Philippines seeks 'real-time' U.S. help in disputed South China Sea

Reuters

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Filipino soldiers wave from the dilapidated Sierra Madre ship of the Philippine Navy as it is anchored near Ayungin shoal (Second Thomas Shoal) in the Spratly group of islands in the South China Sea, west of Palawan, Philippines, May 11, 2015. Filipino soldiers wave from the dilapidated Sierra Madre ship of the Philippine Navy as it is anchored near Ayungin shoal (Second Thomas Shoal) in the Spratly group of islands in the South China Sea, west of Palawan, Philippines, May 11, 2015.

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The Philippines has sought help from the United States to monitor "real-time" developments in the South China Sea, providing surveillance and reconnaissance, a military spokesman said on Thursday, amid China's rapid expansion in the area.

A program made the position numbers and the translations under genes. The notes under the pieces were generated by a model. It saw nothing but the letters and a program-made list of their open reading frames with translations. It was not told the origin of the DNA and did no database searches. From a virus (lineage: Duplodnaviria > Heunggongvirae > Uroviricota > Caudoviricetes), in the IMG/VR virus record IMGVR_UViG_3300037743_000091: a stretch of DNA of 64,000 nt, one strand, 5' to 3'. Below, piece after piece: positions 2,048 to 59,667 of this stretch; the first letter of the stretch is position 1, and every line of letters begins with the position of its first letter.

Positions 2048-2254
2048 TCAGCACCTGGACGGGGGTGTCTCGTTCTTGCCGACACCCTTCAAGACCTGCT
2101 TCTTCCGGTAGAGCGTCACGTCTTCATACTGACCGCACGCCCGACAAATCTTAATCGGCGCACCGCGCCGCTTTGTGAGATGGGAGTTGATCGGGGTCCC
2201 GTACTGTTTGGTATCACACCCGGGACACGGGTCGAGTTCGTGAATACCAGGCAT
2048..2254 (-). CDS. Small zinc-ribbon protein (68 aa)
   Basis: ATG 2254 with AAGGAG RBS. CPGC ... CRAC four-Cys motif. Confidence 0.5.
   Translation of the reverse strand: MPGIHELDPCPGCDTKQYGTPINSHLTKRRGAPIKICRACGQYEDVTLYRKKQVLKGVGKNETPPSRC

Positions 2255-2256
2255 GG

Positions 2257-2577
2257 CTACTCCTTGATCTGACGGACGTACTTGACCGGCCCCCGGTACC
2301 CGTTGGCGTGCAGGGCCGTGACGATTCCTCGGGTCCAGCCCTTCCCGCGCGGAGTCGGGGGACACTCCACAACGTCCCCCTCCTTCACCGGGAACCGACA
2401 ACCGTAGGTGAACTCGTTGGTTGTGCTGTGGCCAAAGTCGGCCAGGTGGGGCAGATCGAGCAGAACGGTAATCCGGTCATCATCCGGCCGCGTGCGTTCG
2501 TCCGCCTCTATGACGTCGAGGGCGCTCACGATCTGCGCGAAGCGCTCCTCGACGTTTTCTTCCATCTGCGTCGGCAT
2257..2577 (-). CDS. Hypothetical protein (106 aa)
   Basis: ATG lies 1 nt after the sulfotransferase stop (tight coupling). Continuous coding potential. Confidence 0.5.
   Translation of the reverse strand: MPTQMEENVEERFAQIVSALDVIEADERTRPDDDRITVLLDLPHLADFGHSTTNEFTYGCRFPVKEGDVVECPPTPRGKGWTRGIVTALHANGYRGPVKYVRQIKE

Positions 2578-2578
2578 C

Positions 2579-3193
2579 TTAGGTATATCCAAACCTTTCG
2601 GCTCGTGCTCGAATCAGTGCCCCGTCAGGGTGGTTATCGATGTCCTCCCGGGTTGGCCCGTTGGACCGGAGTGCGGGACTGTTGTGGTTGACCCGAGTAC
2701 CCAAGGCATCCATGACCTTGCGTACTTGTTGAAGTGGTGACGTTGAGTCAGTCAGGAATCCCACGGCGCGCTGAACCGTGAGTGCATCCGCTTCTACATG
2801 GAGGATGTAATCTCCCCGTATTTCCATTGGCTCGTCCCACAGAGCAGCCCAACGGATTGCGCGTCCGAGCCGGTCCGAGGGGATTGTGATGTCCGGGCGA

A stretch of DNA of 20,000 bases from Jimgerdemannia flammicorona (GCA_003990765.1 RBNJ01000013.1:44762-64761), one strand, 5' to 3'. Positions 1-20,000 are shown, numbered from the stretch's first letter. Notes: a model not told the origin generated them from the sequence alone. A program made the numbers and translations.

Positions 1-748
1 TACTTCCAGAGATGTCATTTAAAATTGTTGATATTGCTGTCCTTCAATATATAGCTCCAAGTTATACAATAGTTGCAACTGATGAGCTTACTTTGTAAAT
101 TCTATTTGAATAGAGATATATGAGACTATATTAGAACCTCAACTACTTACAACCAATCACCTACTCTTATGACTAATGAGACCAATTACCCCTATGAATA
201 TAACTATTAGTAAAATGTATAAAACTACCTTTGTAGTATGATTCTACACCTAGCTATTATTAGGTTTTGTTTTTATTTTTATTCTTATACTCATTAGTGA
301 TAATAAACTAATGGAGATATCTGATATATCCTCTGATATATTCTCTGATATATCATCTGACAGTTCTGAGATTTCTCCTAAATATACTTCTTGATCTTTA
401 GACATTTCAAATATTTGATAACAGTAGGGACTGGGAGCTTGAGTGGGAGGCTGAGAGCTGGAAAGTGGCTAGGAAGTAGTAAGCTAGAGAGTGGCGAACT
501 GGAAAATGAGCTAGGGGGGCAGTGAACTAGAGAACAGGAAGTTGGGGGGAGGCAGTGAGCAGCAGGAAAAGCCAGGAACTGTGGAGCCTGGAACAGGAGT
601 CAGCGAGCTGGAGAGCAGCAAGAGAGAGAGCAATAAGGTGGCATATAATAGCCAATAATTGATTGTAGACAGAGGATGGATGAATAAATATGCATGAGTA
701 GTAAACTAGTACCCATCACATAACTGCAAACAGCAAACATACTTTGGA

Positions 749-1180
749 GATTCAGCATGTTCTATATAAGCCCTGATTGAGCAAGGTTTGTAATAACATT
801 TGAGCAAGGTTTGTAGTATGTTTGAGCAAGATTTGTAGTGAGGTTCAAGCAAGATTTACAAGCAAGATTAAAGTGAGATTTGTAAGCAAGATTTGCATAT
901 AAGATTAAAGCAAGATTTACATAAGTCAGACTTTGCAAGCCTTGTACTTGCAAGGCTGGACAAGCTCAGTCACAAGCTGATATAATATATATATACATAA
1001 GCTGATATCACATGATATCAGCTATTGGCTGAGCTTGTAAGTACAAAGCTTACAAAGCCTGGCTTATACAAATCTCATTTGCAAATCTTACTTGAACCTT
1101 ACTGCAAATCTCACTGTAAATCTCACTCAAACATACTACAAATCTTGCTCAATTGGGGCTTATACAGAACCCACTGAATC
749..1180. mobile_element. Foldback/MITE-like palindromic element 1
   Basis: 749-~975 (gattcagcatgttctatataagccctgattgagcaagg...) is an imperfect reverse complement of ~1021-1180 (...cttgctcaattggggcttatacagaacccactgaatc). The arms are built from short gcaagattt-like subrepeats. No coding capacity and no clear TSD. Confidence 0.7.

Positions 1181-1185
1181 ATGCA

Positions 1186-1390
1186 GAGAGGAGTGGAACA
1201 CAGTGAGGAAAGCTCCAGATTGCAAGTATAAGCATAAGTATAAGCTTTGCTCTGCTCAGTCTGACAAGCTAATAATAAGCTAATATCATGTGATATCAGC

Colonel Restituto Padilla said the defense ministry had asked U.S. Pacific Command chief, Admiral Harry Harris, to provide air cover to a Philippine civilian ship that regularly delivers supplies to Second Thomas Shoal in the disputed waters.
"We want the U.S. military to watch over our ships, which China attempts to block every time we rotate troops and bring supplies to a ship that ran aground on Ayungin shoal," Padilla said.
Harris was in Palawan on Thursday to see first-hand the situation in the area near where China has built artificial islands.
China claims most of the South China Sea, through which $5 trillion in ship-borne trade passes every year. The Philippines, Vietnam, Malaysia, Taiwan and Brunei have overlapping claims.
Vice Admiral Alexander Lopez, commander of military forces in Palawan, told journalists the U.S. commander promised to help its oldest ally in the Asia-Pacific, but would also prevent conflict from erupting.

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